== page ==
The statistics from these two bouts prove that trainer Freddie Roach's efforts to transform Pacquiao from a one-punch pony to a more complete fighter have been successful. Pacquiao has more tools in his toolbox, but will they be effective against the naturally bigger and stronger Diaz?
The ingredients that have made Diaz a champion are not as obvious as Pacquiao's. While the Filipino relies on brilliant hand and foot speed and shocking power, Diaz is physically strong, doggedly determined and blessed with massive reserves of stamina. In the final three rounds against Morales, Diaz enjoyed a 52-37 edge in overall connects (including a telling 48-27 bulge in power shots), plus he threw a fight-high 88 punches to Morales' 43 in the pivotal 12th. That trend was even more evident in his most recent fight against Ramon Montano as he landed 64 power shots to Montano's 28 in the final two rounds. In the 10th, Diaz threw 80 punches (his fourth highest total) to Montano's 60 (his lowest since round one's 55) and out-landed him 31-14.
Unlike Pacquiao, Diaz virtually ignores the jab in favor of hooks, crosses and uppercuts. Against Morales, Diaz was an anemic 15 of 103 (15 percent) while he attempted just 45 jabs (landing 10) against Montano. The power punch-to-jab ratio was an incredible 82-18 against Morales and an astounding 94-6 against Montano. The reason why Diaz makes this work is because he throws lots of dynamite and doesn't get discouraged if they detonate less often than he likes. He threw 630 power punches to Morales' 326 - a difference of 25 per round.
That, coupled with his non-stopaggression, projected an image of strength and aggression that may havepersuaded the judges to give Diaz enough of the close rounds to keep his belt.
Against Montano, the power gap was much smaller as Diaz threw 665 to Montano's 650. This time, it was Diaz's superior defense that enabled him to capture a majority decision that should have been unanimous. Though Montano threw 118 more punches (828-710), Diaz landed 77 more (270-193), including 88 more power shots (260-172). His ability to duck and weave under Montano's shots allowed Diaz to stay inside longer and pile up the numbers he needed to win.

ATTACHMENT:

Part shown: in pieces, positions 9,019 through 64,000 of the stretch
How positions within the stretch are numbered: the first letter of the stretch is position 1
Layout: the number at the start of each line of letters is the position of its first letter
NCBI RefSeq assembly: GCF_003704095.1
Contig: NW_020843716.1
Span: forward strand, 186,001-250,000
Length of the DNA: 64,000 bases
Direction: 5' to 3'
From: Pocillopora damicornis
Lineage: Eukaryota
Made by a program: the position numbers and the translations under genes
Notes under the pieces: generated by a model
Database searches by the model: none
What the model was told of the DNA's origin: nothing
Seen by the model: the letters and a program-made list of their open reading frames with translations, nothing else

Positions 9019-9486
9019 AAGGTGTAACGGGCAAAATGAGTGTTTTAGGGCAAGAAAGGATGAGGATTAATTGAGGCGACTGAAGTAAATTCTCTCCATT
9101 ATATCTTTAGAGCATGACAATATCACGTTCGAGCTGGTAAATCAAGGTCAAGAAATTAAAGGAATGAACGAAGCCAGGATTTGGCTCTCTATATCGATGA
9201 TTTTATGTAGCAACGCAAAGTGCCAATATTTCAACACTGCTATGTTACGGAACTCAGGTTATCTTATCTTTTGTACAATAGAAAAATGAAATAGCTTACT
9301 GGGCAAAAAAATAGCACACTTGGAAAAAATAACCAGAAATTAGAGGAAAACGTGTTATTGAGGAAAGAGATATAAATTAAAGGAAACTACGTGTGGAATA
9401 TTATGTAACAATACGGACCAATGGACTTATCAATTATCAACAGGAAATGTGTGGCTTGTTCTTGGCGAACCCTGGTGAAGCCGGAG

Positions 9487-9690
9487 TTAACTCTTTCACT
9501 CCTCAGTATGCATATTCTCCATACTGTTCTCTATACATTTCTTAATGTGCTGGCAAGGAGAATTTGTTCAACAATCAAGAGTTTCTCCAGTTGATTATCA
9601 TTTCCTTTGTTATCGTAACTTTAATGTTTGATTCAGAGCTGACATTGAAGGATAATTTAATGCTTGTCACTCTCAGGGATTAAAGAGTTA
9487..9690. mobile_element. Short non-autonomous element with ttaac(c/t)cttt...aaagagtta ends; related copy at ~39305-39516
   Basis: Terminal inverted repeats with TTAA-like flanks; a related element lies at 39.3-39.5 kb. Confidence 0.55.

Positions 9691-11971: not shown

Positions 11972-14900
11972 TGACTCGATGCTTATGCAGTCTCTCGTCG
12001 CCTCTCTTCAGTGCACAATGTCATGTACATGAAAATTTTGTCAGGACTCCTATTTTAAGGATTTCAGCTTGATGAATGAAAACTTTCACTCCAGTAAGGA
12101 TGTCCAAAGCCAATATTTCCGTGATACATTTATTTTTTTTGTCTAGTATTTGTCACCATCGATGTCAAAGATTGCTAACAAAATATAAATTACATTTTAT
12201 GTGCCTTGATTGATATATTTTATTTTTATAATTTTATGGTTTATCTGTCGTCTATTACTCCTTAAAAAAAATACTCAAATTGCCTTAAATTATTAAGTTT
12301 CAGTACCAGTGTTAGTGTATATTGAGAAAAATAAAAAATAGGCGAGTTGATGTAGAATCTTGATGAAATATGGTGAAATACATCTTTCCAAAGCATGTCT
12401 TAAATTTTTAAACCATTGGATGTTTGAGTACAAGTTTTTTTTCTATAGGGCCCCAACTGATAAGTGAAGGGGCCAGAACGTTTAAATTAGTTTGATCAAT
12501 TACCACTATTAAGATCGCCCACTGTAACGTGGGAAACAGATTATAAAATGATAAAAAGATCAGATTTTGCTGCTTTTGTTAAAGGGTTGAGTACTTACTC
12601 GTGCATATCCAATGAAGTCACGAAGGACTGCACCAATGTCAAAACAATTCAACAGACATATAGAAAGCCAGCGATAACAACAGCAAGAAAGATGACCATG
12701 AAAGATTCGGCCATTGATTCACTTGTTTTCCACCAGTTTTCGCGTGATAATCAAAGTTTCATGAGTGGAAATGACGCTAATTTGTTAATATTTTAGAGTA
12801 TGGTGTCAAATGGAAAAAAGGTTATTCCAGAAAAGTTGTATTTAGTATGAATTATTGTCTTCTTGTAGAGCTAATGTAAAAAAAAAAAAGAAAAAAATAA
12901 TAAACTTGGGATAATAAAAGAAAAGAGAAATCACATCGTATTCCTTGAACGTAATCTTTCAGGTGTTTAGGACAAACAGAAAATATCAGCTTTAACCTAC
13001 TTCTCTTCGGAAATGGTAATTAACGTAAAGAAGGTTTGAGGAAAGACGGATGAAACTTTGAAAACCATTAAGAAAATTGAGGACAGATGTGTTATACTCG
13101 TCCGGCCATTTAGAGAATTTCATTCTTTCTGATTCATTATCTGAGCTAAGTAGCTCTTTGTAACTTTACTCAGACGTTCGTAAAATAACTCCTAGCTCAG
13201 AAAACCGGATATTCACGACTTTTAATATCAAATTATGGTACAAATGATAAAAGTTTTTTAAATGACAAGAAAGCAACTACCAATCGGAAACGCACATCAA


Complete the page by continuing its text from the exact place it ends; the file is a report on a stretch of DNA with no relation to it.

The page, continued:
Prediction: Had this been the Pacquiao that destroyed Morales in the rubber match, this fight would be easy to call. That Pacquiao would have torn through Diaz like a human tornado, but that version of "The Pac Man" doesn't exist anymore. At 29, Pacquiao is a couple of years past his positive peak and he is making his 135-pound debut against a career lightweight who has fought as high as 146 pounds (KO 2 Clifton Woods in October 2002). Pacquiao, who was briefly WBC flyweight champion in 1998, won't be able to bully Diaz physically and he'll have a difficult time breaking the champion mentally. Conversely, the 32-year-old Diaz is fighting about as well as he ever has and he'll be emotionally peaked against his most high-profile opponent yet. As Larry Merchant would say "these two aren't the unequals that many of us figured them to be."
The million-dollar question is whether Diaz's intangibles will be able to trump Pacquiao's tangibles. My answer: No. All of Diaz's strengths are based on his being the larger man, but there is no dispute that Pacquiao is the far more talented fighter. Both men also tend to cut, but Diaz's scar tissue is even more fragile so don't be surprised if a gash leads to a TKO stoppage. The most likely scenario, however, is that Pacquiao will score a competitive but decisive unanimous decision.